Mental Health is Finally Part of the Election Conversation. Will Voters Take Notice?

Posted on February 11, 2020

For years, there’s been an elephant in the room we’ve almost never talked about in this country. Even as nearly one in five U.S. adults experienced mental illness, even as rates of opioid addiction and suicide have skyrocketed in New Hampshire and across the country, even as that mental illness has doubled our risk for heart disease and diabetes, we swept it under the rug and tried not to talk about it. For too long, we’ve been too ashamed to talk about the real public health crisis in this country, even as we obsess over sensationalized ones like Ebola and coronavirus.

But as Granite Staters head to the polls on Tuesday, there is finally cause to be optimistic about the prospects for improving mental health in America. For the first time I can remember, every Democratic candidate on the ballot has proposed some form of mental health and addiction policy. From increasing insurance reimbursement for mental healthcare to more mental health training and worksite wellness programs, these ideas represent real progress and begin to bridge the divide between the way we think about mental and physical health care.

Still, this conversation hasn’t come far enough. What most people don’t understand is that America doesn’t just have a mental health problem — it’s an epidemic. A recent study suggested that up to half of millennials, and nearly three-fourths of Gen Z have dropped out of the workforce at least once due to a mental health issue. As many as 45% of chronically homeless people have some form of mental illness, and those with serious, untreated mental illness are up to 16 times as likely to die in a law enforcement encounter than others. We need candidates to go beyond having a section on their website, to actually begin really talking about this problem on the campaign trail, as former Mayor Pete Buttigieg did on February 6 in a CNN town hall from New Hampshire. It means having a real plan to move people from mental health crises to lasting recovery. And it means investing in real social infrastructure within communities, where people experiencing mental illness can come together and reduce the debilitating effects of social isolation that, ultimately, are the underlying reason lives are shortened due to mental illness. Loneliness kills, and no group faces loneliness and social isolation more profoundly than people living with mental illness.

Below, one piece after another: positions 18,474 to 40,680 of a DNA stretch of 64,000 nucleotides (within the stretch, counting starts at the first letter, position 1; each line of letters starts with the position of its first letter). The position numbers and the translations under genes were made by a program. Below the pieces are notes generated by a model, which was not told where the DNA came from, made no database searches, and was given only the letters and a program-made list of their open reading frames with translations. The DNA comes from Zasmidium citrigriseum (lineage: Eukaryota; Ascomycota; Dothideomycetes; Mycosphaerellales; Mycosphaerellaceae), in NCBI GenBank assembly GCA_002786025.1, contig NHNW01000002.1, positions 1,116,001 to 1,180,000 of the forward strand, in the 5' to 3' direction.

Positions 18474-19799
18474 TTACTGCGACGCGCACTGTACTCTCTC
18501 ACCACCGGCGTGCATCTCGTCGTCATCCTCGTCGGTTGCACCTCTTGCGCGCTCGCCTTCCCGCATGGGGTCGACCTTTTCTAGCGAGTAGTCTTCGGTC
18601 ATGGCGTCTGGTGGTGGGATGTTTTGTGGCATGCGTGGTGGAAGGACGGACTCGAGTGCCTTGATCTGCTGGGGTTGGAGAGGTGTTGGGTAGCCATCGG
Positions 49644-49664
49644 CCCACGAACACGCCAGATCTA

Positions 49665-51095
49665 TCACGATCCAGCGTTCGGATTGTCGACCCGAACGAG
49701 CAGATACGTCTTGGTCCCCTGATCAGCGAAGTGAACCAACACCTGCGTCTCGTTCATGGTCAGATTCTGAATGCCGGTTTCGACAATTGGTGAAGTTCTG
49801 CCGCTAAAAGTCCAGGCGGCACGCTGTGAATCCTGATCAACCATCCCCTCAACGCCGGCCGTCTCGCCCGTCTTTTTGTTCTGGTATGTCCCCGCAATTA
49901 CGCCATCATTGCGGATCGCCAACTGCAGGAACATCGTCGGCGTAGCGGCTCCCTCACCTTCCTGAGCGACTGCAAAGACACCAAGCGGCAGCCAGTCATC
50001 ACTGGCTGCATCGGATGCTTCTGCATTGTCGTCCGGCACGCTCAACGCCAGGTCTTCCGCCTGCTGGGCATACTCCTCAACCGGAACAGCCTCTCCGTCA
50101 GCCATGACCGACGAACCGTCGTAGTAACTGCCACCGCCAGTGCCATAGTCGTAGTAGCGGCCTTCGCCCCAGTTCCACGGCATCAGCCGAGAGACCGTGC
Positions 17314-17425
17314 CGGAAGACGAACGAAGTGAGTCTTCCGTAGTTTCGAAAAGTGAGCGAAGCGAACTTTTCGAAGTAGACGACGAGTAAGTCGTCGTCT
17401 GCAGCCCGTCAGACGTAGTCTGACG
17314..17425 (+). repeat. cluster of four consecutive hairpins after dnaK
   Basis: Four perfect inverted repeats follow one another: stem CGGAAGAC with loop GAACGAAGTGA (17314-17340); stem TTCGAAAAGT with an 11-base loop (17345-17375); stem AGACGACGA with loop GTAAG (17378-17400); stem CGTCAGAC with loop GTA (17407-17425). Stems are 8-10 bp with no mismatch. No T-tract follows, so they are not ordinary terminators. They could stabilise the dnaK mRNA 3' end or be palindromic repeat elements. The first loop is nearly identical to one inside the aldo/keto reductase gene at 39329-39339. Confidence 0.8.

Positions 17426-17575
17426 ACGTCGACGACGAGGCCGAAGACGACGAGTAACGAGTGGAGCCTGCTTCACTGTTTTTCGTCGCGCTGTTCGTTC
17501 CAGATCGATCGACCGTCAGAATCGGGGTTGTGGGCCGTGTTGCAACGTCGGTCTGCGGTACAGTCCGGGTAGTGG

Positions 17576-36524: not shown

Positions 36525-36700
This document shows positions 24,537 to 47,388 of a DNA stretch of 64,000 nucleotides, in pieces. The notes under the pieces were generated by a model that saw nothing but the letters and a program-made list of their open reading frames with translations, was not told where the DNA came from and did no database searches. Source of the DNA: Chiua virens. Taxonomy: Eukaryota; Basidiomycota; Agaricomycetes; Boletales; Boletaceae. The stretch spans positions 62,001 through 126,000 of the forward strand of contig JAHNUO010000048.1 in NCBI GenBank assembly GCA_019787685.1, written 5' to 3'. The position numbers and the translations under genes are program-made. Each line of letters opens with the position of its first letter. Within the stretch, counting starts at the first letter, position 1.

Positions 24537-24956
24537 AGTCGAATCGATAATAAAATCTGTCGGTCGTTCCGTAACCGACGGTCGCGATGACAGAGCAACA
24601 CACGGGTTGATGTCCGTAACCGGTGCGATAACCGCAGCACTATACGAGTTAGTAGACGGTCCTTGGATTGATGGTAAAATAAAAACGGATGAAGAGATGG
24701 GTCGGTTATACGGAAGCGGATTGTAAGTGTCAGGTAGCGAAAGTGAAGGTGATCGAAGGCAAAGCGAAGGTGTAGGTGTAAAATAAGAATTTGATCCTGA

Almost nowhere is that more clear than in New Hampshire. The state has been ravaged by an opioid addiction epidemic which has roots in mental health issues caused by a “perfect storm” of pockets of economic disadvantage, combined with an ethos of individualism that might reject community and social support while being fueled by poor access to substance use and behavioral healthcare, and ready access to cheap opioids. New Hampshire’s suicide rate is well above the national average, and many Granite Staters report feeling socially isolated. Yet despite these statistics, half of Granite Staters living with mental illness report being unable to access basic mental health services. That’s a real crisis, and if left unchecked, will continue to lead to increases in “deaths of despair” that have been widely reported, and have affected New Hampshire dramatically.

The Democratic candidates for President should be applauded for making mental health part of this election’s conversation, and we must acknowledge the real progress our society has undergone since the New Hampshire primary four years ago. But voters should demand more — a better conversation that brings this issue out of the shadows for once and for all.

Ashwin Vasan, MD, PhD

President and CEO, Fountain House

 

Fountain House is an internationally recognized nonprofit dedicated to successfully addressing the devastating impact of mental illness through a pioneering treatment model that applies community-based, social solutions and has inspired the creation of hundreds of similar programs in 34 countries that serve more than 100,000 people annually.

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